Why Politicians Are Scum
Troubled OneUnited Bank in Boston didn’t look much like a candidate for aid from the Treasury Department’s bank bailout fund last fall.
The Treasury had said it would give money only to healthy banks, to jump-start lending. But OneUnited had seen most of its capital evaporate. Moreover, it was under attack from its regulators for allegations of poor lending practices and executive-pay abuses, including owning a Porsche for its executives’ use.
Nonetheless, in December OneUnited got a $12 million injection from the Treasury’s Troubled Asset Relief Program, or TARP. One apparent factor: the intercession of Rep. Barney Frank, the powerful head of the House Financial Services Committee.
Mr. Frank, by his own account, wrote into the TARP bill a provision specifically aimed at helping this particular home-state bank. And later, he acknowledges, he spoke to regulators urging that OneUnited be considered for a cash injection.
Please take note of the bolded statement…
A link between such lobbying and the release of TARP cash can’t be proved. Treasury officials have said that political influence plays no role in the selection process. "The decisions are made by a committee of officials at Treasury based on recommendations and data provided by the regulators through the applications process," said Brookly McLaughlin, who was a spokeswoman for the Treasury until the Bush administration ended on Tuesday.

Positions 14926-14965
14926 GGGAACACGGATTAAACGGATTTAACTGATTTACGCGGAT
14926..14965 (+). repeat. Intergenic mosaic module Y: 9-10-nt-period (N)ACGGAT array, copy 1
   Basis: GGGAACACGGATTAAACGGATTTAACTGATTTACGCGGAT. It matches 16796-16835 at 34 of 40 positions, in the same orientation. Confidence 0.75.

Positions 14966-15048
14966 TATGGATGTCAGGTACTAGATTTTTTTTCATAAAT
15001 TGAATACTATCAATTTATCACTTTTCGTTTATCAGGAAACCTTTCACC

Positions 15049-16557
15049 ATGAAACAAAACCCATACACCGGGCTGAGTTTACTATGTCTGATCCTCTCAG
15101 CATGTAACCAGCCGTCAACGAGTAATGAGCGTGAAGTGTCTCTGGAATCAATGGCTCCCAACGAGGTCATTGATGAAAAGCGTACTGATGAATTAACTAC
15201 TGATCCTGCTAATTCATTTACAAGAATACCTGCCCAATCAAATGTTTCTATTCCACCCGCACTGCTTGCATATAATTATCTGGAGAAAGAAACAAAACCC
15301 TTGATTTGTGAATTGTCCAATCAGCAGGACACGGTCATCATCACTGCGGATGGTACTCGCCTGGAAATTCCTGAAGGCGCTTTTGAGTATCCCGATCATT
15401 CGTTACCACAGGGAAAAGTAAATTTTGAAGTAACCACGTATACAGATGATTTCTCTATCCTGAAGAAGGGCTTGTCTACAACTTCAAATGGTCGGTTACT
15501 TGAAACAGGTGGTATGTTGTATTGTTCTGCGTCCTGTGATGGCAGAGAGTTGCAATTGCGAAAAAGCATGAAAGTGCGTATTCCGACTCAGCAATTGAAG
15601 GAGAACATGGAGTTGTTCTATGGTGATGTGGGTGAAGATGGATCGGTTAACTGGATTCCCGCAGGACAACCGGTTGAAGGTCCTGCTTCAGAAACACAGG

It can’t be proved!!!??? Didn’t Mr. Frank admit it!? The political landscape in our country just pisses me off!
The procedure for getting a capital injection is complex. State and federal regulators sometimes complain that even they don’t understand how it works.
A bank applies through its federal regulator, which either recommends to the Treasury that the bank receive money or quietly tells the bank to pull its application. A public turndown could be a death sentence because it would tell investors and consumers the government thinks the bank isn’t viable.
If the regulator forwards the application, the Treasury decides whether to approve it. If the Treasury’s reviewing team is uncertain, it sends the request to a panel of federal regulators to debate the matter.
This entire thing was flawed from the get go. It also ties in with my previous blog post. Remember, the point of this bailout was to give banks money to cover debt so that they, in turn, would lend money to consumers again. Ask yourself if this has happened?